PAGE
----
According to Jarmila Janovská (Taussigová), Franta's widow, she had a hard time at first -- you could never tell a joke from the truth. A good half of the large Taussig library in Hlinsko was taken up by humor. The world classics were of course also there. "If you'd look through the library, you'd see where the brothers got their wit from", Jarmila said with a smile.
When Pepek got to Prague, he became enchanted by it. He studied at the Higher Commercial School and worked at Eskomptní banka, but this didn't interest him much. His gave himself over to art, photography, literature. He published his stories in magazines and photographed his beloved Prague. This was Pepek's most creative period. He worked passionately day and night and did not want to see the impending catastrophe.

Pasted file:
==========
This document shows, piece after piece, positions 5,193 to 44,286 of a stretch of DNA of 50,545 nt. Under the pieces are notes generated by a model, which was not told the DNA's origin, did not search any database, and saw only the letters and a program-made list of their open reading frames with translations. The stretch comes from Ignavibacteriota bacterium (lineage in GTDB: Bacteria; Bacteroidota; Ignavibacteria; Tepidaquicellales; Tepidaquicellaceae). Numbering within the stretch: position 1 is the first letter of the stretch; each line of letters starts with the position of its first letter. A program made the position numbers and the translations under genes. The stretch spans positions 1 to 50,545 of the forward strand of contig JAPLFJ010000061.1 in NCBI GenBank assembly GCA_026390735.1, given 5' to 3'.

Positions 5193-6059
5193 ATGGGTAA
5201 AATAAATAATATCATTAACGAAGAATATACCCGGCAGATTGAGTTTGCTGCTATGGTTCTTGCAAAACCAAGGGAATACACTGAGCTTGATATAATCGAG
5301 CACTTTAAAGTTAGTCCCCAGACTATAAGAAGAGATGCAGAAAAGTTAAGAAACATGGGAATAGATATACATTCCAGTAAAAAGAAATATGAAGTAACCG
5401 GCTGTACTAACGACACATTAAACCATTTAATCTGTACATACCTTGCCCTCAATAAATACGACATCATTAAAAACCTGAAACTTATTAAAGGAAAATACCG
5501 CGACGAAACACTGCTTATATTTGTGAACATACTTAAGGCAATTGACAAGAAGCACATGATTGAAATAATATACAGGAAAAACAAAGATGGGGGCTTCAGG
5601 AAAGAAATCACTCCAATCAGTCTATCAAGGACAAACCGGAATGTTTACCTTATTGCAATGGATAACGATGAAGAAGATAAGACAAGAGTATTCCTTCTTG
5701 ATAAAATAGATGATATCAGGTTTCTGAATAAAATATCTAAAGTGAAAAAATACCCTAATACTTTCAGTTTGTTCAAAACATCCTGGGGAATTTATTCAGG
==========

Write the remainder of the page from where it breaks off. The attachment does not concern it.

"My dear, I am sending you the first half of my notes and remarks about Chaplin. You might not be amused by it, but it won't harm you. This, sadly, is what I've come to. At first, I wanted to follow humor from its first manifestations in history in all types of arts to the present. I wanted to learn where the highlights of contemporary comic art come from, how old comic elements merge with the new. After the loss of my files it is clear that I will probably never manage it: That is why I jumped into the present right away. Unfortunately I cannot rely on my own judgment too much (I do not know the history of clowns, and most of the movies I saw only once as a child). I
should rely on people who sound plausible. This is just a shadow of what I wanted to achieve, but it is better than nothing. It has the advantage of being real." (From Pepek's letter to Olga Housková.)